The waves of fear rolled over me in those first few months. The first thing I needed to address was my poor physical condition. I was underweight, covered in soft tissue infections and possibly infected with HIV. After waiting nearly a week for an answer, I had made up my mind that I was going to stay clean. When the test was negative, it merely strengthened my resolve.
The first few months, I found it difficult to sleep at night. This alternated with periods of absolutely no energy, known as PAWS, or post-acute withdrawal syndrome. I continued to attend group support meetings, but many days, I felt as if things were completely hopeless. How could a person like me ever stay off drugs? How would I support myself? How could I explain to any “normal” person my former life on the streets of San Francisco? The homelessness, prostitution and years spent injecting myself with drugs were hard for me to understand.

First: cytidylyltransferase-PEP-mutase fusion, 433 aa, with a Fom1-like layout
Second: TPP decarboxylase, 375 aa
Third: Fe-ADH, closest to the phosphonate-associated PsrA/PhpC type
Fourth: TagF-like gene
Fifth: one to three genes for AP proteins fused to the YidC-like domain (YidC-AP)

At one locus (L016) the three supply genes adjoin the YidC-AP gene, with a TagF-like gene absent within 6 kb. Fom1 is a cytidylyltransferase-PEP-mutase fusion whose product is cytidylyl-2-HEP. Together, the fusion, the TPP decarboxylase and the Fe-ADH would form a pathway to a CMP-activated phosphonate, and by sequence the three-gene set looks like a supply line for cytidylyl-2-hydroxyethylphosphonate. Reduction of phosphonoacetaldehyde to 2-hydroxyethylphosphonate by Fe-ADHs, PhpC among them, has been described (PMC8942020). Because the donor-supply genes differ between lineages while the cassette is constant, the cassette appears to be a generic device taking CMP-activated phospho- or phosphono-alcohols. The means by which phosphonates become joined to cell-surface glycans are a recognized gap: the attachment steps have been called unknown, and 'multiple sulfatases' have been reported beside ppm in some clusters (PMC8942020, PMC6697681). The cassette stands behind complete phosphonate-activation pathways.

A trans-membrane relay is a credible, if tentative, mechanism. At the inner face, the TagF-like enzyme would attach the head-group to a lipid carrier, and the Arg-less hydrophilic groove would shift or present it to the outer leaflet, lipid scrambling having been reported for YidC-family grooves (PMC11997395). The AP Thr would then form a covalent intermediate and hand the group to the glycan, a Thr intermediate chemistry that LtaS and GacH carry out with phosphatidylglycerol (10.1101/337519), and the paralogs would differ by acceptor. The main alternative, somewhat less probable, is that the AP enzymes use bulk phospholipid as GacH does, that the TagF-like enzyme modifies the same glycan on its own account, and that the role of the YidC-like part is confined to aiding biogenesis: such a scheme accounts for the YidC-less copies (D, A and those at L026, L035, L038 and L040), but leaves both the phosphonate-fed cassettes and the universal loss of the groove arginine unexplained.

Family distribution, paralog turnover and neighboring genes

Slowly, incrementally, I began to see the changes. I began to feel better physically, until one day, I could finally enjoy a warm shower and the food from the commissary. I had the smallest bit of gratitude, enough to push me to the next phase of my recovery.
I was transferred to a residential treatment facility. This was overwhelming to me. It was large, almost a warehouse for users. There were 100 beds and nearly eight men per female resident. I wasn’t sure how to navigate social situations. The extent of my conversations for close to a decade had centered around my ability to acquire drugs. I was seated next to people who attempted to engage me in conversations.
I quickly found that many people were not, in fact, there for “recovery.” They wanted to get off parole, had no place to live or were forced there by family members.
Many of the male residents gave me validation around my appearance, validation that was inappropriate for the setting. I was completely unaware of this because I had the selective hearing that comes with years of addiction, hearing what I wanted to hear.